Astronomy

2020, November 17: Morning Star Venus and Mercury

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2020, November 17: Looking east-southeast at 45 minutes before sunrise, Mercury is about 7° in altitude and over 13° to the lower left of Venus.

Brilliant Morning Star Venus shines as “the bright star in the eastern sky before sunrise.” The planet is near the star Spica.  Mercury joins Venus, but it is lower in the sky.

by Jeffrey L. Hunt

Chicago, Illinois:  Sunrise, 6:43 a.m. CST; Sunset, 4:28 p.m. CST.  Check local sources for sunrise and sunset times for your location.

Brilliant Venus and Mercury continue to appear in the east-southeast before sunrise.  Mercury is heading back into the sun’s glare as it widens its gap to Venus.  This morning the morning planets are over 13° apart.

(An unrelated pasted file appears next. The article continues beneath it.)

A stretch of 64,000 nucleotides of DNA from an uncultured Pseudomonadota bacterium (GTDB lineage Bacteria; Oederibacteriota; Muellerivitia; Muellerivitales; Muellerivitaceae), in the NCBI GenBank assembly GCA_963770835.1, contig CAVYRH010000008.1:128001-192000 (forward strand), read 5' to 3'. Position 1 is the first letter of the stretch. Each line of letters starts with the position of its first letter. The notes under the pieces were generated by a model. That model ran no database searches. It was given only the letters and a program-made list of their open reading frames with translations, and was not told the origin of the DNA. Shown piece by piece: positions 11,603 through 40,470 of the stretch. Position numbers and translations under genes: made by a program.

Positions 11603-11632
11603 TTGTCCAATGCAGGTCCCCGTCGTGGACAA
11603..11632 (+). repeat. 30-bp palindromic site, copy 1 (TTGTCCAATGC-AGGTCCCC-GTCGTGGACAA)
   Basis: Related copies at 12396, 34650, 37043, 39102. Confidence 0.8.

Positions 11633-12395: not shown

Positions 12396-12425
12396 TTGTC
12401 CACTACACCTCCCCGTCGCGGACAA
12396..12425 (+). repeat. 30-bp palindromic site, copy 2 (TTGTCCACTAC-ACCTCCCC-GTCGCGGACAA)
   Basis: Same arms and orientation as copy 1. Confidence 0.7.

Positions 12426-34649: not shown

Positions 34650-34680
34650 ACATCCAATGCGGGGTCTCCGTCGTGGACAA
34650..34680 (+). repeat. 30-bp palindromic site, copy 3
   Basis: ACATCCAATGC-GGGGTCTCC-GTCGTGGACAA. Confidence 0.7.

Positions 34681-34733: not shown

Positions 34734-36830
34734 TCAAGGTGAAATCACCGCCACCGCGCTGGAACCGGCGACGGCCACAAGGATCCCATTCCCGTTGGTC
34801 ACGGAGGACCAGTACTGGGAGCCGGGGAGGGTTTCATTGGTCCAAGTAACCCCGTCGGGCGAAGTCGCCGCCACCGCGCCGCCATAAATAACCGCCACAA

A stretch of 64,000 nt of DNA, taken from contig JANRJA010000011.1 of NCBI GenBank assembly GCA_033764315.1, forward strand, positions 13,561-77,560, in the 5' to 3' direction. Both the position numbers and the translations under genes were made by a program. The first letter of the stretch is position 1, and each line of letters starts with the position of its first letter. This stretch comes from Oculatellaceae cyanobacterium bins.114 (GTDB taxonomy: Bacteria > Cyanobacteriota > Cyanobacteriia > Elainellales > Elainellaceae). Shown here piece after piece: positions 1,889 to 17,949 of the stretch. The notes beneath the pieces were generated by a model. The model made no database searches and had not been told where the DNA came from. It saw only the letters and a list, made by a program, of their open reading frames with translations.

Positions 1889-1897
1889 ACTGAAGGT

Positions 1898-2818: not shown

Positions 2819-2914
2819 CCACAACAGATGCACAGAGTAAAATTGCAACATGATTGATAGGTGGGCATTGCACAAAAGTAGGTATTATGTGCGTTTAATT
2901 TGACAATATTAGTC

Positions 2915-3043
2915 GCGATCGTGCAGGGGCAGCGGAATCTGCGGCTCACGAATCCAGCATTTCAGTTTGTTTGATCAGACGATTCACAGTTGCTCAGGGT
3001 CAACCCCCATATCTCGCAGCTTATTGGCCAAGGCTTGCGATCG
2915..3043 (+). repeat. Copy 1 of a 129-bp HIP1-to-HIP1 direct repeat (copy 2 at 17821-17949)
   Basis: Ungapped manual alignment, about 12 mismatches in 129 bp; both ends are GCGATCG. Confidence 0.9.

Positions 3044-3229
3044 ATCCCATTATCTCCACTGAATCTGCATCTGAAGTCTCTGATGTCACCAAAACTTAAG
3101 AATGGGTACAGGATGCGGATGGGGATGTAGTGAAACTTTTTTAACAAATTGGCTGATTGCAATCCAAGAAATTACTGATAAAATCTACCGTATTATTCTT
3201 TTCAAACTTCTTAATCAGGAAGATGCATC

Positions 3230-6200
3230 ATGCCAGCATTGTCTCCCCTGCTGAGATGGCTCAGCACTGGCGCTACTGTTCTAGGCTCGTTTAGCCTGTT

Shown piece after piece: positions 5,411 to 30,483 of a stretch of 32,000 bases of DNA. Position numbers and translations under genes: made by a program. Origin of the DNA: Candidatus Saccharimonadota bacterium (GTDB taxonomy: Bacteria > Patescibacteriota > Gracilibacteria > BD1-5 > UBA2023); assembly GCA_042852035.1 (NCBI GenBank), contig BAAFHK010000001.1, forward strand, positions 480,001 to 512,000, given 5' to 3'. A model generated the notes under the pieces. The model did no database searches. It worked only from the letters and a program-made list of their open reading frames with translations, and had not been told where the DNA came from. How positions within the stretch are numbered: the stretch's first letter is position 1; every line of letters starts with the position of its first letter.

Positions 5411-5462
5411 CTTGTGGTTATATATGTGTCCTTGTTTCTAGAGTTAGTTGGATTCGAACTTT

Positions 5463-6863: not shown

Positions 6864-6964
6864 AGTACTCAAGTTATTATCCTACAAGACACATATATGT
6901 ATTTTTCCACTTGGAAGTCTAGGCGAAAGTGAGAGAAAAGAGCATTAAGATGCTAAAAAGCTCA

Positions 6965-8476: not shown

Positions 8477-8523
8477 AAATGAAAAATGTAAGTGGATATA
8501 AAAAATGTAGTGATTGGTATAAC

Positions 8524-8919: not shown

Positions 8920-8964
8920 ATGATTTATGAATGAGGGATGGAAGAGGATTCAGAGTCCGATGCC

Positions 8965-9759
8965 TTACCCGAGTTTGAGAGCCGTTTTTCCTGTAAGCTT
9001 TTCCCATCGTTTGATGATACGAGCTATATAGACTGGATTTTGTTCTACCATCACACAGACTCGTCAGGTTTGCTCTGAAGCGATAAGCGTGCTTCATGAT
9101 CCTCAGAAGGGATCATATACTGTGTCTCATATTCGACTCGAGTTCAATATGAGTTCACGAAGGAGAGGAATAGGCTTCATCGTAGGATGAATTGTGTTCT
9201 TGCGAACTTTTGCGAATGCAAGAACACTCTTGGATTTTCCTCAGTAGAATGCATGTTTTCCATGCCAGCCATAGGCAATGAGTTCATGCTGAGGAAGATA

Yesterday, Venus passed Spica, in a widely spaced conjunction, but the two are slightly farther apart this morning, 3.9°.  Continue to watch Venus step eastward compared to the stars.

Find a clear horizon to see Mercury.

Detailed note: One hour before sunrise, Venus is less than 17° in altitude above the east-southeast horizon. The brilliant planet is 3.9° to the upper left of Spica.  The Venus – Mercury gap continues to widen.  This morning they are 13.1° apart.  Fifteen minutes later, Mercury is over 7° up in the east-southeast.

See our summary about Venus during November 2020 and the feature article  about Venus as a Morning Star.

Read more about the planets during November.

Categories: Astronomy, Sky Watching

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